THERE IS MORE THAN ONE KIND OF BREAST CANCER
We have been taught and are reminded frequently by public service announcements and by the medical community that when a woman discovers a lump on her breast she should go to the doctor immediately. Inflammatory breast cancer usually grows in nests or sheets, rather than as a confined, solid tumor and therefore can be diffuse throughout the breast with no palpable mass. The cancer cells clog the lymphatic system just below the skin. Lymph node involvement is assumed. Increased breast density compared to prior mammograms should be considered suspicious.
YOU DON’T HAVE TO HAVE LUMP TO HAVE BREAST CANCER
Some women who have inflammatory breast cancer may remain undiagnosed for long periods, even while seeing their doctor to learn the cause of her symptoms. The symptoms are similar to mastitis, a breast infection and some doctors, not recognizing IBC, will prescribe antibiotics. If a response to antibiotics is not apparent after a week, a biopsy should be performed or a referral to a breast specialist is warranted.
SIGNS & SYMPTOMS OF IBC
Inflammatory breast cancer grows rapidly — changes can become apparent in a matter of days to weeks. Unlike other types of breast cancer, you probably won't develop a distinct lump. Instead, you might notice an area of thickness or a feeling of heaviness in one of your breasts. Inflammatory breast cancer tends to develop as a sheet rather than a lump or tumor.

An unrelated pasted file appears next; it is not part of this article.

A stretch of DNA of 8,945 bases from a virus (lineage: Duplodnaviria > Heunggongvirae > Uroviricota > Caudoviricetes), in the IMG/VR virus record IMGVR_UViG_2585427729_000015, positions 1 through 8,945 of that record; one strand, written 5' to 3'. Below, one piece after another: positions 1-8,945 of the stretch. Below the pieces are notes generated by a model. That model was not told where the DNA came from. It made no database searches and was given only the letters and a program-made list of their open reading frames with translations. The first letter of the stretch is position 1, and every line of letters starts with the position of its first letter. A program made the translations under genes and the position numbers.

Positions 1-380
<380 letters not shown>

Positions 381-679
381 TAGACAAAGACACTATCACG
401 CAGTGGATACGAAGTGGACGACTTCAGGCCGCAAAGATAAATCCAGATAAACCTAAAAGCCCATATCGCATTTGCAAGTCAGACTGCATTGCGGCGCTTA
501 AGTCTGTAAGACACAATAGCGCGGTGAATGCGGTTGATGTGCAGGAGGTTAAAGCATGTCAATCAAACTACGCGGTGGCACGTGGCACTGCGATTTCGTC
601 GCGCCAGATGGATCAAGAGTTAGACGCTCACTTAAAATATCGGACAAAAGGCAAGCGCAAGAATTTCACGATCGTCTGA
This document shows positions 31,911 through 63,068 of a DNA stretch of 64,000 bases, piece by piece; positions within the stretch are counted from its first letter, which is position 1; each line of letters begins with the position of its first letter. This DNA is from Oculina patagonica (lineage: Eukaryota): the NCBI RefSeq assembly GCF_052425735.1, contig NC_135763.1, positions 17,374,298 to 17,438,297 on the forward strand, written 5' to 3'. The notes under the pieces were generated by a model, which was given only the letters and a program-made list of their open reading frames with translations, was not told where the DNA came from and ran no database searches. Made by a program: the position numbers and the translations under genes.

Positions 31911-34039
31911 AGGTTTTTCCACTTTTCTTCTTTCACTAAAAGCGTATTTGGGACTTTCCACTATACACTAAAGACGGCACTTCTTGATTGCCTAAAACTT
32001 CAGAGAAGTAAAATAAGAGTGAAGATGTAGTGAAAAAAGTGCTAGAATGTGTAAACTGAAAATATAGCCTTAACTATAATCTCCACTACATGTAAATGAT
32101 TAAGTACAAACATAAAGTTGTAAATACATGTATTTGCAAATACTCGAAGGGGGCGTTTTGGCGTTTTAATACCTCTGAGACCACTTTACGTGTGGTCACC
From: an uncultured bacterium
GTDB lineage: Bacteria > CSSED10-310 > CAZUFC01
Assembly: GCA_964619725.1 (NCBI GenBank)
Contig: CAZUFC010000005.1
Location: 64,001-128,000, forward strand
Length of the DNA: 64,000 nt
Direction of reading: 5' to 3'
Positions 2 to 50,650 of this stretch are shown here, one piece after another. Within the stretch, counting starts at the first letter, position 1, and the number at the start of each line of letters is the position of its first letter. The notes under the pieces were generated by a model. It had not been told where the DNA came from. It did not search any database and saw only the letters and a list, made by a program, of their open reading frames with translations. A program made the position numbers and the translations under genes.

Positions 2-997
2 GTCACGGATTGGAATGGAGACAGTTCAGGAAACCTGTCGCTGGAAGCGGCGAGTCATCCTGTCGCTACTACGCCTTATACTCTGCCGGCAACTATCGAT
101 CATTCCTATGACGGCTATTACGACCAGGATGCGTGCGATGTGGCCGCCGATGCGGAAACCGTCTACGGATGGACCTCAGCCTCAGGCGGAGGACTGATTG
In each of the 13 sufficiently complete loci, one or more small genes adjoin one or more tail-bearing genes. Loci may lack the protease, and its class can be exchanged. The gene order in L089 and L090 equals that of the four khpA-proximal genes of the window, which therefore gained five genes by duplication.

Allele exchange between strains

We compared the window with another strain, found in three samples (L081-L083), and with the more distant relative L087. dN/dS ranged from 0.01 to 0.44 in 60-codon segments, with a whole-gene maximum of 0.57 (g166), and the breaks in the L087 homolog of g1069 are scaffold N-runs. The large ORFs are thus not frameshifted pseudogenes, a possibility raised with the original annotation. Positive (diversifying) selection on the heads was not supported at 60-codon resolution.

A breast that appears red, purple, pink or bruised
A tender, firm and enlarged breast
A warm feeling in the breast
Itching of the breast
Ridged or dimpled skin texture, similar to an orange peel
Thickened areas of skin
Enlarged lymph nodes under the arm, above the collarbone or below the collarbone
Flattening or retraction of the nipple
Swollen or crusted skin on the nipple
Change in color of the skin around the nipple (areola)
CAUSE Despite its name, inflammatory breast cancer isn't caused by an inflammation or infection. Inflammatory breast cancer occurs when cancer cells clog the lymphatic vessels in the skin overlying the breast. The blockage in the lymphatic vessels causes the red, swollen and dimpled skin that's a classic sign of inflammatory breast cancer.
WHEN TO SEEK MEDICAL ADVICE
Because inflammatory breast cancer progresses rapidly, by the time most women seek medical advice, the cancer is already quite advanced. If you notice any of the signs and symptoms of inflammatory breast cancer, see your doctor right away.
If you're being treated for a breast infection (mastitis), but your signs and symptoms last longer than a week after starting antibiotics, ask your doctor to do some imaging studies of the breast or to perform a breast biopsy. If these test results show no signs of cancer, but your signs and symptoms appear to be getting worse, talk with your doctor about performing another biopsy or ask for a referral to a breast specialist.
SCREENING & DIAGNOSIS
Diagnosing inflammatory breast cancer can prove difficult. Often no lump can be felt, and the area of concern may not show up on a mammogram. Additionally, the signs and symptoms can be easily mistaken for a breast infection (mastitis).
If your doctor suspects that you have inflammatory breast cancer, he or she will recommend a biopsy — taking a small sample of skin and tissue for microscopic analysis.